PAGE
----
Twenty five years ago I received a call in my University College Cork office from Prof. Leon Kane-Maguire, then Head of Department of Chemistry at University of Wollongong. I did not know that call was about to change the course of my professional life – allowing me to embark on an incredibly exciting research journey.
This year I celebrate 25 years “service” to the University of Wollongong. Arriving in Wollongong I found myself in a University keen to establish international research credentials and to be innovative in the approach that was used to do that. I have been privileged to be caught up in and to be allowed to contribute to that exciting venture. A start up research grant of $2,000 (AUD) was proudly negotiated by Prof. Kane-Maguire and the University hierarchy (I guess). Start up research funds at other Universities were significantly greater but I have since learnt that enthusiasm, camaraderie and the working environment (eventually) outweigh any lack of funding available.
I was fortunate that at this point in time some of the best PhD students in Australia were also attracted to this challenging dynamic and rapidly growing research environment. Together we forged viable research activities, faced with the challenge of balancing applied research (the major source of our support at that time) with our desire and need to build a strong fundamental research base. A research theme emerged that could satisfy these twin desires and was “sexy” enough to generate interest at all levels in our community – it was intelligent polymers. Polymers, for example, that could monitor and respond/shut down corrosion or that could detect biological imbalances or imperfections and correct them. The concept was indeed visionary (perhaps more so than we thought at the time) with short term outcomes possible and the longer term continually presenting us with significantly more research challenges. Twenty one years later (2011), the Intelligent Polymer Research Institute has come of age and the science is as intriguing as ever. We are excited by on-going discoveries and enthused by the outcomes we see possible by integrating multifunctional behaviour into devices at the molecular level.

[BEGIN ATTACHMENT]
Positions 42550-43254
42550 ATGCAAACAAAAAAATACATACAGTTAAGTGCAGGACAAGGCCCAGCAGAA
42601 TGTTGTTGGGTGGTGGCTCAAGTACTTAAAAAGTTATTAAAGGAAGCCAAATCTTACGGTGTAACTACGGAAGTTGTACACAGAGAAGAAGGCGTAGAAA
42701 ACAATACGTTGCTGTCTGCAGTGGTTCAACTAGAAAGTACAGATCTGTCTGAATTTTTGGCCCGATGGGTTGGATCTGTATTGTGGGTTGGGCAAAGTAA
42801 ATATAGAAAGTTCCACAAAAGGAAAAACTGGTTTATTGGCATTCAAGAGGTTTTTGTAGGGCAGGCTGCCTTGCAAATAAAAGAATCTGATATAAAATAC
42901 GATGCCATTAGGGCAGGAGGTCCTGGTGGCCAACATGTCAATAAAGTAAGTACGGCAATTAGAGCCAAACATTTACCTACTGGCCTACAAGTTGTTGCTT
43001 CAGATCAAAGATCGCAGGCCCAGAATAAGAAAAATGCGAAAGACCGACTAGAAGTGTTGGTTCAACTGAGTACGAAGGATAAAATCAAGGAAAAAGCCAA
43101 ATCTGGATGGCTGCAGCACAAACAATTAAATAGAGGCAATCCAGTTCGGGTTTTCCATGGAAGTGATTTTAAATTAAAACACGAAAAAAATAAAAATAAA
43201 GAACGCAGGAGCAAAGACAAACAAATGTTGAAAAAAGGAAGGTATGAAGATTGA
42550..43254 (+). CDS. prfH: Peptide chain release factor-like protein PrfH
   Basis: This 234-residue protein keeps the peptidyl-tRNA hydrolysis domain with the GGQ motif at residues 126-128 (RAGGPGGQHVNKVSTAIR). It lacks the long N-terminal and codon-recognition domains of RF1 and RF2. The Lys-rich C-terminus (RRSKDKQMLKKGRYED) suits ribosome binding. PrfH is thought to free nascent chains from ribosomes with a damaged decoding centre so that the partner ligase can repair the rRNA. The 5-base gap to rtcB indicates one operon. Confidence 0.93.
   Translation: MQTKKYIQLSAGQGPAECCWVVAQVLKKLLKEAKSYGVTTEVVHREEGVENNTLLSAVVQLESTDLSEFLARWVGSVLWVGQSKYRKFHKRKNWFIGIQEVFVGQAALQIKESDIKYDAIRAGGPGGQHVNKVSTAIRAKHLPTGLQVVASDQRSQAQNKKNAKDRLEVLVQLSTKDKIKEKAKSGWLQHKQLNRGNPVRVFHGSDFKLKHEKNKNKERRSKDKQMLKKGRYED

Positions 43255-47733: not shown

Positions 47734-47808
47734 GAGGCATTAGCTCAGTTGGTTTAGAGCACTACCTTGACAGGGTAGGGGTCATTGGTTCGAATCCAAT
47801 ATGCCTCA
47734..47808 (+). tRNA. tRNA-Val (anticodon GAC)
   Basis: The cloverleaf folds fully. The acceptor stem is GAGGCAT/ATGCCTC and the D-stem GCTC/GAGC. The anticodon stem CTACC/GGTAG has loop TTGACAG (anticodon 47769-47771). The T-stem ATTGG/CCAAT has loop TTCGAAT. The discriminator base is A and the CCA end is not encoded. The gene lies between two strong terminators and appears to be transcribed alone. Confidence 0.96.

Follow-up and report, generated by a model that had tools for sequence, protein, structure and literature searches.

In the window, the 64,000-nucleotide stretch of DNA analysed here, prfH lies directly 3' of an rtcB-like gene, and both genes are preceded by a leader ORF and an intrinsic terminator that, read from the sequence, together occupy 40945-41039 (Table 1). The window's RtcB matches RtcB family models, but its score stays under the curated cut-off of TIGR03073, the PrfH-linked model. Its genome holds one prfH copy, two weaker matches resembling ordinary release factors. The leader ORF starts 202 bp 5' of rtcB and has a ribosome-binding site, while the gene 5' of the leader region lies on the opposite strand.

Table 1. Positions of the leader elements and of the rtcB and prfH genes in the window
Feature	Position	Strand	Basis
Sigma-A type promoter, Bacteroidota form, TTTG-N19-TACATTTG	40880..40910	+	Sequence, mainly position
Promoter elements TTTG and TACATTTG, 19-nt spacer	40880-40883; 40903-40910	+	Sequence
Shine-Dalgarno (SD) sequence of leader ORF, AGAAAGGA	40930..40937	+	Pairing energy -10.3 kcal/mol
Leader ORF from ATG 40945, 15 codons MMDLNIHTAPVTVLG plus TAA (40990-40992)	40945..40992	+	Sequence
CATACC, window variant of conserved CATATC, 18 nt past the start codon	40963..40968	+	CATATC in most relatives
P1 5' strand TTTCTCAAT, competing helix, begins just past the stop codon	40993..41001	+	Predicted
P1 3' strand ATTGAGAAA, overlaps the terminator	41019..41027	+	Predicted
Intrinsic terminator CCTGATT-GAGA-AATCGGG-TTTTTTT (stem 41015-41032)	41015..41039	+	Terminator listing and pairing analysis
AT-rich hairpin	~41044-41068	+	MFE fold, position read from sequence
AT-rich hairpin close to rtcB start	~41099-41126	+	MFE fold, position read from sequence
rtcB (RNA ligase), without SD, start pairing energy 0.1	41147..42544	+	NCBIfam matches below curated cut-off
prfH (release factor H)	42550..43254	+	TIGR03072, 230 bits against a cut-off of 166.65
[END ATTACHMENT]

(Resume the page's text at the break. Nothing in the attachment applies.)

For example, outcomes in energy (solar cells and new water splitting technologies) and medical bionics (e.g. conduits for nerve/muscle repair or implants for epilepsy detection and control) are of direct relevance and interest to the community we work in as well as the international research community.
In attracting funding for more fundamental research, I did try to achieve success independently but failed dismally with the Australian Research Council (ARC) – “way before your time” was the consistent message in my ear from Leon. These failures were to see Leon and my worlds become more intertwined. I think at times he was more determined that we “crack” the ARC than I was. Our first successful application emerged after a forced stopover at Shanghai airport – where the Lord Mayor of Shanghai had to intervene to get us out of the country. In this rather stressed environment – where at one stage we were escorted to a room with two chinese guards – the creative juices seem to flow. The concept of chiral polyanilines emerged – and I learnt an awful lot about that area of chemistry whether I liked it or not. Leon also learnt a lot about conducting polymers and together we built a fundamental research stream that feeds into our more strategic endeavours.